MACKINAC ISLAND, MICH. -- A chill toward the fast-moving presidential campaign of Gov. Michael Dukakis from his fellow Democratic governors gathered at this northern resort reflects two hard questions about his candidacy: Can he carry the South? Is he wrong about free trade?

Dukakis, the first sitting governor (other than George Wallace) seriously seeking the Democratic presidential nomination since Franklin D. Roosevelt, has catapulted to near front-runner status. His performance before the Democratic Governors Association last week outpaced competitors. Yet, only his fellow New Englander, Vermont's Gov. Madeleine Kunin, has endorsed him.

His colleagues rationalize their reticence by saying it is too early. But beneath public explanations is private concern whether Dukakis, a Massachusetts liberal and son of immigrants, can break the Republican stranglehold on southern and western electoral votes. They suspect his regional disabilities are aggravated by stubborn and courageous adherence to free trade.

Nobody else has captured the 26 Democratic governors (19 of whom were here). Apart from Kunin, the only committed governor is Ned McWherter, backing his fellow Tennessean, Sen. Al Gore. But the governors will not stay on the sidelines. Typified by the DGA chairman, Gov. James Blanchard of Michigan, they want to affect the nominating process for a change.

Had Gov. Bill Clinton of Arkansas last month entered the race as expected instead of bowing out as he did, he could have been the DGA candidate. Blanchard was ready to back him, as were Montana's Gov. Ted Schwinden and probably Kentucky's Gov. Martha Layne Collins, perhaps setting off a parade. Clinton is what the governors want: attractive, southern, moderately liberal, nonconfrontational.

Nor does neutrality among the governors stem from inability to sort out the large field. They believe the nominee will come from the eight announced candidates, and almost surely from four of them: two putative front-runners (Dukakis and Rep. Richard Gephardt), a brightening dark horse (Gore) and a fading meteor (Sen. Joseph Biden).

Biden's fade continued here. He refused to attend until Blanchard talked him into it. Permitted to lead off the closed-door session of candidates with governors so he could leave early to work on Judge Robert Bork's September Supreme Court confirmation hearings, his presentation was disjointed.

Gore and Gephardt performed well, but are strangers to the governors. Dukakis is not only well known to them but well liked. He typifies today's Democratic governors: earnest, intelligent, well informed, hard working, humorless, moderate in tone, a little boring. Unlike Mario Cuomo and other gubernatorial superstars, he conscientiously attends governors' conferences.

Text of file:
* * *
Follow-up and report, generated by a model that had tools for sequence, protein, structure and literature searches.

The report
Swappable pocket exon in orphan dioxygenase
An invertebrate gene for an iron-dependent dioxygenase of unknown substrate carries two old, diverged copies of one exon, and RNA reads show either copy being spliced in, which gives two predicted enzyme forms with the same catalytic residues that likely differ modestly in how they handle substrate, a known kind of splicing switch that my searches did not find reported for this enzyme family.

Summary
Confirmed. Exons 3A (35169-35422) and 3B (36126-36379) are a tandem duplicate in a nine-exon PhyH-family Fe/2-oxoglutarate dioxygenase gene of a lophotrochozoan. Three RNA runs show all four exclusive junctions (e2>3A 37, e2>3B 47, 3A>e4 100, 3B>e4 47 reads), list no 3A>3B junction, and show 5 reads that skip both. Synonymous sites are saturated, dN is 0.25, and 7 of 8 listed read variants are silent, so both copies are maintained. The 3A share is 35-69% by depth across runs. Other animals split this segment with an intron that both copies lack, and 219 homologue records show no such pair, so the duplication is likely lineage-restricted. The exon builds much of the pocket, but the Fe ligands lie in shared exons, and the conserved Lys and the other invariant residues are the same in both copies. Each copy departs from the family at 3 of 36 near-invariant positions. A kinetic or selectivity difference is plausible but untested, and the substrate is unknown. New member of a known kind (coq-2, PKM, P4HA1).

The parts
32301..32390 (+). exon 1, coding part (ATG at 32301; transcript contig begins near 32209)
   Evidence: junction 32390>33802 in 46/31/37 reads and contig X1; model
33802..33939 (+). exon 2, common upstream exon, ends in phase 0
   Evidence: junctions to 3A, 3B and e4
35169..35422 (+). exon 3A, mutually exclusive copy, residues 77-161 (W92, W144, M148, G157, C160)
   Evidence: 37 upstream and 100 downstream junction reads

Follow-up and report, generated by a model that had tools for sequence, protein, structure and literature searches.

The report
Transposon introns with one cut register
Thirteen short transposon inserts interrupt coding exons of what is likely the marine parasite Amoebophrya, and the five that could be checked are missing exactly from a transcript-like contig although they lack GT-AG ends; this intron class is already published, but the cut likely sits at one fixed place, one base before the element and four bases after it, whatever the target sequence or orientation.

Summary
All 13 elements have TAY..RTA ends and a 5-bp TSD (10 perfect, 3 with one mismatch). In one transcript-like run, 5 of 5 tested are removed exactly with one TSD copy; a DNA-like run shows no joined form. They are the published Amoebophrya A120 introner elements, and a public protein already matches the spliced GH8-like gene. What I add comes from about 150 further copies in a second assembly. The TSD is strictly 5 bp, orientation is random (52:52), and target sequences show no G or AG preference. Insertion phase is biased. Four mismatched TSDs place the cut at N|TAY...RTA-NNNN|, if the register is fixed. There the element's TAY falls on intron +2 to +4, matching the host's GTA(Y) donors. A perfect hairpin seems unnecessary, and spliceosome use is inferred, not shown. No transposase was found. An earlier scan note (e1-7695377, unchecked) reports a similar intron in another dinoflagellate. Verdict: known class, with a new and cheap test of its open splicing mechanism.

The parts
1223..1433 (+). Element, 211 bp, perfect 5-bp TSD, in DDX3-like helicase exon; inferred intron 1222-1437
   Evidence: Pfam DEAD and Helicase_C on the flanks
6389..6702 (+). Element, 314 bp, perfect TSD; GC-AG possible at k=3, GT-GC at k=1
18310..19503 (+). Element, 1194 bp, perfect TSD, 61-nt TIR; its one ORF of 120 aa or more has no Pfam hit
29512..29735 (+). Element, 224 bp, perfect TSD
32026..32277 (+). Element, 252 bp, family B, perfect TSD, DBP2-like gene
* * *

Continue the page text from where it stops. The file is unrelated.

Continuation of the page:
By eyewitness accounts, Dukakis starred at the closed-door session. He managed an emotional plea for his candidacy with his political peers, outshining Gephardt, who followed him with a businesslike presentation. Yet fellow governors were less than enthusiastic. While they know Dukakis is no McGovern or Mondale doomed in the South and West, they fear his liberalism, ethnicity and appearance are exaggerated by the trade debate he has been drawn into by Gephardt.

The problem was underscored at the National Governors Conference in Traverse City, Mich., preceding the DGA meeting. Most Democrats cheered a protectionist harangue by Chrysler's Lee Iacocca. Gov. Cecil Andrus of Idaho gave Dukakis a Dutch uncle lecture over lunch. Unless he appreciates trade concerns, said Andrus, the Duke would have trouble beyond the Mississippi River.

At Mackinac, Dukakis was not helped by Cuomo. The governor of New York overcame his phobia for conferring with fellow governors when Blanchard prevailed on him to come and stay just long enough for the session with presidential candidates. By body language (stealing peeks at his wristwatch and rubbing his eyes) while Dukakis was speaking, Cuomo showed he is not ready to sign up for his colleague's campaign.

Taking the floor, Cuomo advised candidates not to derogate themselves as ''Snow White and the Seven Dwarfs.'' He warned of regional differences, such as the oil import fee -- the Northeast against it, the Southwest for it -- and suggested Democratic governors could mediate.

Intentionally or not, Cuomo left Dukakis out on a limb as a regional northeastern candidate opposing an oil import fee and facing a debate in Iowa Saturday with Gephardt, who favors it. The Duke may have reason, economics and history on his side. But the tone of his peers at Mackinac was closer to Lee Iacocca and DickGephardt.